A mobile clinic run by the nonprofit TrueCare rolled into North County to provide free medical and dental care, and its first stop was Brother Benno’s Center in Oceanside to help homeless people facing health challenges.
“This is so exciting,” Brother Benno Foundation Community Coordinator Dennis Pinnick said as he stood outside the mobile clinic Monday. “This is something our founder Harold Cutler has wanted for many years.”
Brother Benno’s began as a soup kitchen in the early 1980s and has been at 3260 Production Ave since 1991. in a building once owned by Kutler, who died in 2017. It provided food, clothing, a recovery program and other services to homeless people, but had not offered medical care until the mobile clinic debuted at the site on Oct. 31.
Inside the 36-foot-long vehicle, Dr. Jorge Otañez and two medical assistants examined several patients, drawing blood, prescribing medications and directing people to labs if they needed X-rays or additional care.
“To me, it’s the same as seeing a patient in a clinic,” he said of the vehicle, which includes an exam room and equipment for exams, women’s health, behavioral health, chiropractic and immunizations. “It has everything I need.”
Otañez said more than half of the patients he sees with Brother Beno have some kind of skin problem, such as a fungal or bacterial infection, which he says is not surprising.
“A lot of the patients don’t get to shower every day,” he said. “Many of them also have foot problems because they don’t always have the right shoes and socks. There are times when I want to do more, like I wish I had some socks here to give them. But we have to work with other people to get them what they need. It’s a team effort.”
Otañez said he treats some patients who haven’t seen a doctor in three or four years and may not know what ailments they have.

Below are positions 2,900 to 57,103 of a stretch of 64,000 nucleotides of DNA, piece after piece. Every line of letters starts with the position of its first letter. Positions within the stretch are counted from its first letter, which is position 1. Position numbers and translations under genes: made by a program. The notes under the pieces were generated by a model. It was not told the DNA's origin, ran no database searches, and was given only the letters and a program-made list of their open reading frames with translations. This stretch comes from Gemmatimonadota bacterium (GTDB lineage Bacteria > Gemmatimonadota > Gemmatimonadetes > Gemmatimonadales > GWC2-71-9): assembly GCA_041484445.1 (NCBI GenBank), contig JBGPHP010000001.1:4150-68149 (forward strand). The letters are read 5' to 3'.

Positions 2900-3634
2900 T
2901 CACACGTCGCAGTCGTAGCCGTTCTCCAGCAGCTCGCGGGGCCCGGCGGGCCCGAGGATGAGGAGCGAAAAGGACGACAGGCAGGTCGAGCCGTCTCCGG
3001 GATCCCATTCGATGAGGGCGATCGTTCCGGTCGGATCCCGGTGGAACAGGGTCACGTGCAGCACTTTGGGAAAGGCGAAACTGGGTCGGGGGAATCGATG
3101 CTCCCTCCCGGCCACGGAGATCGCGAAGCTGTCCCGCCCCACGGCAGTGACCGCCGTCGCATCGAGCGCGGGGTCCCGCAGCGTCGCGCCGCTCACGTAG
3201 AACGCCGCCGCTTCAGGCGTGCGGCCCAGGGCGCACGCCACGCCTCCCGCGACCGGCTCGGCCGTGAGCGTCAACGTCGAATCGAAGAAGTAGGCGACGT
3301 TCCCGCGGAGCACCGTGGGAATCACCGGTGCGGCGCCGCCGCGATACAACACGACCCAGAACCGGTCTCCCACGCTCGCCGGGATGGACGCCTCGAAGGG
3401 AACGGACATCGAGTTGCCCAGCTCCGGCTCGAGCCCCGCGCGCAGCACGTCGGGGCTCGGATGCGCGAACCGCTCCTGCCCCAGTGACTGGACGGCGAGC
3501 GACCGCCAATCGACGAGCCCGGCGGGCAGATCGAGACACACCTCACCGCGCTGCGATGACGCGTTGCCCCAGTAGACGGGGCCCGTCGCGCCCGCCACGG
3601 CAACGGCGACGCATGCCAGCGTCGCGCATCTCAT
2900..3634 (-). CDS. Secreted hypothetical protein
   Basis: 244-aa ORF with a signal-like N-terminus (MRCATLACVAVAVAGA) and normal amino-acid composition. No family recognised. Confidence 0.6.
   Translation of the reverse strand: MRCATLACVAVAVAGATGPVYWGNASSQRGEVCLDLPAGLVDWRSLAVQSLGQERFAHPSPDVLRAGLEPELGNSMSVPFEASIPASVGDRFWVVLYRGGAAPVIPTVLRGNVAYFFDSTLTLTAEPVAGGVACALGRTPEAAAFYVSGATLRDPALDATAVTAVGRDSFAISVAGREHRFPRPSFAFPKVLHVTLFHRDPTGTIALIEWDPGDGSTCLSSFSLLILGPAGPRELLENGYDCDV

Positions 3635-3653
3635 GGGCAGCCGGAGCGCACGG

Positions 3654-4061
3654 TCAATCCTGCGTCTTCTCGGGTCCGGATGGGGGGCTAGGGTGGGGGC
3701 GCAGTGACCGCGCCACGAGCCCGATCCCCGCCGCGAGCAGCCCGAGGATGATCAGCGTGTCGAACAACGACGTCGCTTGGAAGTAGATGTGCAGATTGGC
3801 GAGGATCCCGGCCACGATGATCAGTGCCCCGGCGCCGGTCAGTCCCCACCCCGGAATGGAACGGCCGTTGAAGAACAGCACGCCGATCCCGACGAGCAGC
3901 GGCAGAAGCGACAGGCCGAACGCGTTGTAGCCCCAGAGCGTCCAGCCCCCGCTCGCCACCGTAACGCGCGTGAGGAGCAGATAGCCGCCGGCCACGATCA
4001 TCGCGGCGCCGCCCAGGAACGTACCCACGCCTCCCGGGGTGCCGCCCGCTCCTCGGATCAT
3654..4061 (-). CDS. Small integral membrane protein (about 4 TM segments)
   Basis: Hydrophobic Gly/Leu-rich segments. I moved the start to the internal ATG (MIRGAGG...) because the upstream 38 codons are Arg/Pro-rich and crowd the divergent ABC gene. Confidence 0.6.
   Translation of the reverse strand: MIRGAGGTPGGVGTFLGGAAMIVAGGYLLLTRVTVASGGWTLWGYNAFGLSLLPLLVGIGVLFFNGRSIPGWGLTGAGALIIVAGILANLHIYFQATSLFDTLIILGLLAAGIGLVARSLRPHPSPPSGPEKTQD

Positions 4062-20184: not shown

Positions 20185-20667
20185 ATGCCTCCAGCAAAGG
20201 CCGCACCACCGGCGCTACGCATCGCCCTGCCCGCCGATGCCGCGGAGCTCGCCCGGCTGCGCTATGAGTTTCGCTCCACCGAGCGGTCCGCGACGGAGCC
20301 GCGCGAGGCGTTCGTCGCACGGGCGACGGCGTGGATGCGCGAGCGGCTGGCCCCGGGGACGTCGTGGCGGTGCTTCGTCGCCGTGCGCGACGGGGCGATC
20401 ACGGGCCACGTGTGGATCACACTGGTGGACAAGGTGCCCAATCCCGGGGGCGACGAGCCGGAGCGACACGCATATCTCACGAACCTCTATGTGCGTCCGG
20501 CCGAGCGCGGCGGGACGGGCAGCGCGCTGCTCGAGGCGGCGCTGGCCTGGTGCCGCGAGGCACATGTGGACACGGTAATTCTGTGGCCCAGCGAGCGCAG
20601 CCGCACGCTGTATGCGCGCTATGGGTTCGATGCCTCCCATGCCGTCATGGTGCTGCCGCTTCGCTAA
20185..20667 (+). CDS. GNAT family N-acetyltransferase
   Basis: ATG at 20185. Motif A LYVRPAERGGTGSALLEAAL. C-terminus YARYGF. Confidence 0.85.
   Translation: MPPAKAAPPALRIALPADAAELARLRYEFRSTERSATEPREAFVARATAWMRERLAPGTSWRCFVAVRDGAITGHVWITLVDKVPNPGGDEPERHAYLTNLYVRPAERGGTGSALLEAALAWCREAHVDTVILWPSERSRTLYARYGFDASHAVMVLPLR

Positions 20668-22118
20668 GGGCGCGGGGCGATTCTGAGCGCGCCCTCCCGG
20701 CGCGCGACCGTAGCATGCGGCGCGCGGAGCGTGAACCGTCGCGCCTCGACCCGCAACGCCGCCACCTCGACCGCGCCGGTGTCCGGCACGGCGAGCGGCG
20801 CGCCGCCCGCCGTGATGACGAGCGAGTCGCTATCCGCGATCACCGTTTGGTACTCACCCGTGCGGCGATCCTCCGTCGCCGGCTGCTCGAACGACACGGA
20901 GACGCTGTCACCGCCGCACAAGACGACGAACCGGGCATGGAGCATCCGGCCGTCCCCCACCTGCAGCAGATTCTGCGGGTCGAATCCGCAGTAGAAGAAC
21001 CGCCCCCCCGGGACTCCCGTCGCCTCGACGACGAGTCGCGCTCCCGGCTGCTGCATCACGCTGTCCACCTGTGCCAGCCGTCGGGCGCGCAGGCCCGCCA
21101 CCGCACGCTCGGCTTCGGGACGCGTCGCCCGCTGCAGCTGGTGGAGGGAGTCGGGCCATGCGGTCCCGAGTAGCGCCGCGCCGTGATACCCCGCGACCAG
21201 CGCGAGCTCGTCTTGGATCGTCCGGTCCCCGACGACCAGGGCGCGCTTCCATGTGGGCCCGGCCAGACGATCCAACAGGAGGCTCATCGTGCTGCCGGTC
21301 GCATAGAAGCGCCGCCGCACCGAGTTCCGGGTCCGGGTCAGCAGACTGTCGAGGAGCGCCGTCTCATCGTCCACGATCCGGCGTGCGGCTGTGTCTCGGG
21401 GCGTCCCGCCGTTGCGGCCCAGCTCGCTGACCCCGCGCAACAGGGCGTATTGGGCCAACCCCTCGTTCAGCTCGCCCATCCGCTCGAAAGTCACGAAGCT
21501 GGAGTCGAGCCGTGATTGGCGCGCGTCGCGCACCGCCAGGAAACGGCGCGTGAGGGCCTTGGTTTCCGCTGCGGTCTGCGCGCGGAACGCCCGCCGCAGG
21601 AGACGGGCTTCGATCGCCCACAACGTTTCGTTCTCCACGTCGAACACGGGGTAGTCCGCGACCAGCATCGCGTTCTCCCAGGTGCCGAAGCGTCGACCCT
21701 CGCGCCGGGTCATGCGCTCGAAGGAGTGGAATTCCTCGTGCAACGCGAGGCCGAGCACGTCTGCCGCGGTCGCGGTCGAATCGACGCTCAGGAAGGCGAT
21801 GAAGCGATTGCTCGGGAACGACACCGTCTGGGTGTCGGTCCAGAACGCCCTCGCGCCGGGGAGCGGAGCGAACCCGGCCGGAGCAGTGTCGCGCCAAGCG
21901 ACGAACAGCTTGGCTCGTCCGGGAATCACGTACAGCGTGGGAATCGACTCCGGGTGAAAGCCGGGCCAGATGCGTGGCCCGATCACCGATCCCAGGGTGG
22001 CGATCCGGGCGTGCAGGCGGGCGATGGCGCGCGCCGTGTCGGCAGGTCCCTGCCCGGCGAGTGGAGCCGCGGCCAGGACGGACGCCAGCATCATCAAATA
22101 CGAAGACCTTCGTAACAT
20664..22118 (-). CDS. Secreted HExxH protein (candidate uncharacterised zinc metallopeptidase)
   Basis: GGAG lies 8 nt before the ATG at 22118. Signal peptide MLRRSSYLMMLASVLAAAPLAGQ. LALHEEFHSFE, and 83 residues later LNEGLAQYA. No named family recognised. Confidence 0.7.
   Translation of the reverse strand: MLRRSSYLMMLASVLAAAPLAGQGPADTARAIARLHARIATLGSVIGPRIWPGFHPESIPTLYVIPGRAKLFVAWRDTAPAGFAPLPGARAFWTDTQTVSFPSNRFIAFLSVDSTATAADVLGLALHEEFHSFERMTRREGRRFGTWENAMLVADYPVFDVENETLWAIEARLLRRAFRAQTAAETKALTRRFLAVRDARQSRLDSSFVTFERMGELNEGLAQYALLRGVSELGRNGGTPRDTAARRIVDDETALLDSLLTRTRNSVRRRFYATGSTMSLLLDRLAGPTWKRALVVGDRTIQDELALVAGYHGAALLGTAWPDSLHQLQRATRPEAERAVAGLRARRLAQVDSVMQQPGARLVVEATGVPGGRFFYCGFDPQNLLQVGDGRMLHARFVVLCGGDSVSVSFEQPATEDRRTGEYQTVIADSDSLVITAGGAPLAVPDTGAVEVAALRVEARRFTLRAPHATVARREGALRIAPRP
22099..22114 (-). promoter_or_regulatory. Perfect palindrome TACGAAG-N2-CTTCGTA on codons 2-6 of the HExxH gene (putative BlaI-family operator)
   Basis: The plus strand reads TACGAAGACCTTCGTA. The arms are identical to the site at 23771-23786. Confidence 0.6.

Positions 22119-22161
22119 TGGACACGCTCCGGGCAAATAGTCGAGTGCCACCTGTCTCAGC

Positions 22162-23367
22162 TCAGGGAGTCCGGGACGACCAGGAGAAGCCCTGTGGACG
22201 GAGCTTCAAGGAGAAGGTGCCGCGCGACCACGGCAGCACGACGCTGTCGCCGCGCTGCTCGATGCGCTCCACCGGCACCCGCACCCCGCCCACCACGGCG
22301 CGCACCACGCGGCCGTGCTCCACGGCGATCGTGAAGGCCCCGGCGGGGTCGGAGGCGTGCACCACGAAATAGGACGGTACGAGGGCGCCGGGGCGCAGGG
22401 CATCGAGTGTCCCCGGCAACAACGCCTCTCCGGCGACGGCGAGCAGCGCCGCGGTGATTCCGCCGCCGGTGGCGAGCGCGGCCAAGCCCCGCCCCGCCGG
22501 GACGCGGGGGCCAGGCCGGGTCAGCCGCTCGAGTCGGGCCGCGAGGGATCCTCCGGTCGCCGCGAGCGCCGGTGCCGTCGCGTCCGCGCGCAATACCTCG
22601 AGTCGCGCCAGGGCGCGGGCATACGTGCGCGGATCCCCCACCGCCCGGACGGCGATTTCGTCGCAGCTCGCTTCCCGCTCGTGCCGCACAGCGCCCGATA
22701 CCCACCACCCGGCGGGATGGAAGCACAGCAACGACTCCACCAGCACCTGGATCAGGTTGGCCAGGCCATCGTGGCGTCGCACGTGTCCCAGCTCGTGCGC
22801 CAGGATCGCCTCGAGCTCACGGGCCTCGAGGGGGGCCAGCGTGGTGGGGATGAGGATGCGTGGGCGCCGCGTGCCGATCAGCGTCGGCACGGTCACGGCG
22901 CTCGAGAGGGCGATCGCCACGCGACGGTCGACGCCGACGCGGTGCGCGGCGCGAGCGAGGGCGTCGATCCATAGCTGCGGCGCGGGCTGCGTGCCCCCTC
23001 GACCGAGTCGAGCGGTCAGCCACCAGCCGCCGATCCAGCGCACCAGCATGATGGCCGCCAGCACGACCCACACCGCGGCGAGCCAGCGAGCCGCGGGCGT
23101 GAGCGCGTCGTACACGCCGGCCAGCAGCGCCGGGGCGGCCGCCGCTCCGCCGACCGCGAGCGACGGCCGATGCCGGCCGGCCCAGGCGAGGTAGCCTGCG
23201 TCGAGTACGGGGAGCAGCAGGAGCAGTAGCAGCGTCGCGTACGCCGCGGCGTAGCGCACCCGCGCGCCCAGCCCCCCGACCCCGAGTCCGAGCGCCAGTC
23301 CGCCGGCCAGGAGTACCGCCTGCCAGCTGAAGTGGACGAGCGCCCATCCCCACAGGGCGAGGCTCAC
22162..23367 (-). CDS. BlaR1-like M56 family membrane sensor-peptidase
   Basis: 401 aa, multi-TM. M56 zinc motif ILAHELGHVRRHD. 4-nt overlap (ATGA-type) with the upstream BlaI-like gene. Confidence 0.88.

The new mobile medical clinic serves about 12 to 15 people during each four-hour visit and cost about $600,000, which was funded through donations and money from the American Rescue Plan Act, administered by the U.S. Department of Health and Human Services.
TrueCare also has a mobile dental clinic that serves about five people per visit. The two vehicles visit Brother Beno every Monday.
Rick Pruitt, 74, was one of the patients at the medical clinic this week.
“They helped me quite a bit,” he said. “They cleared up an infection with antibiotics.”
Pruitt, who has a rare motor neuron disease called Kennedy’s disease, uses an electric scooter to get around and lives in a mobile home. He said he is a patient of Scripps Health, but it is difficult to get to his doctor’s office.
Miguel Avila, 69, was also treated by Otañez on Monday. Through an interpreter, he said he was given medication for a swollen leg and referred to a clinic.
Another patient, who did not want to be named, called the clinic extremely helpful and said he had blood drawn in the car to diagnose a medical condition.
Pinnick said the clinic would be especially helpful for homeless people who lack transportation and could provide ongoing care for people who haven’t seen a doctor in years.
“What we’re doing is building trust among our population,” he said. “They’ll see that it’s regular and that people are committed to helping them.”
Irene Torres, TrueCare’s senior director of operations, said the mobile clinic is scheduled to visit a senior center in Perris on Tuesday and has been at an event at MiraCosta College and other locations since its launch.
“This was the population with the greatest need that we found,” she said of why TrueCare scheduled weekly visits with Brother Benno.
The new mobile service is a return to its roots for TrueCare, which began as a mobile clinic in 1971. It has 19 health centers and WIC offices in Carlsbad, Encinitas, Escondido, Oceanside, Perris, Ramona, San Marcos and Valley Center. Earlier this year, she launched a health center at Casa de Amparo in San Marcos.
TrueCare plans to launch two more mobile clinics in the near future and expects to be able to reach an additional 3,500 people annually through the expanded fleet.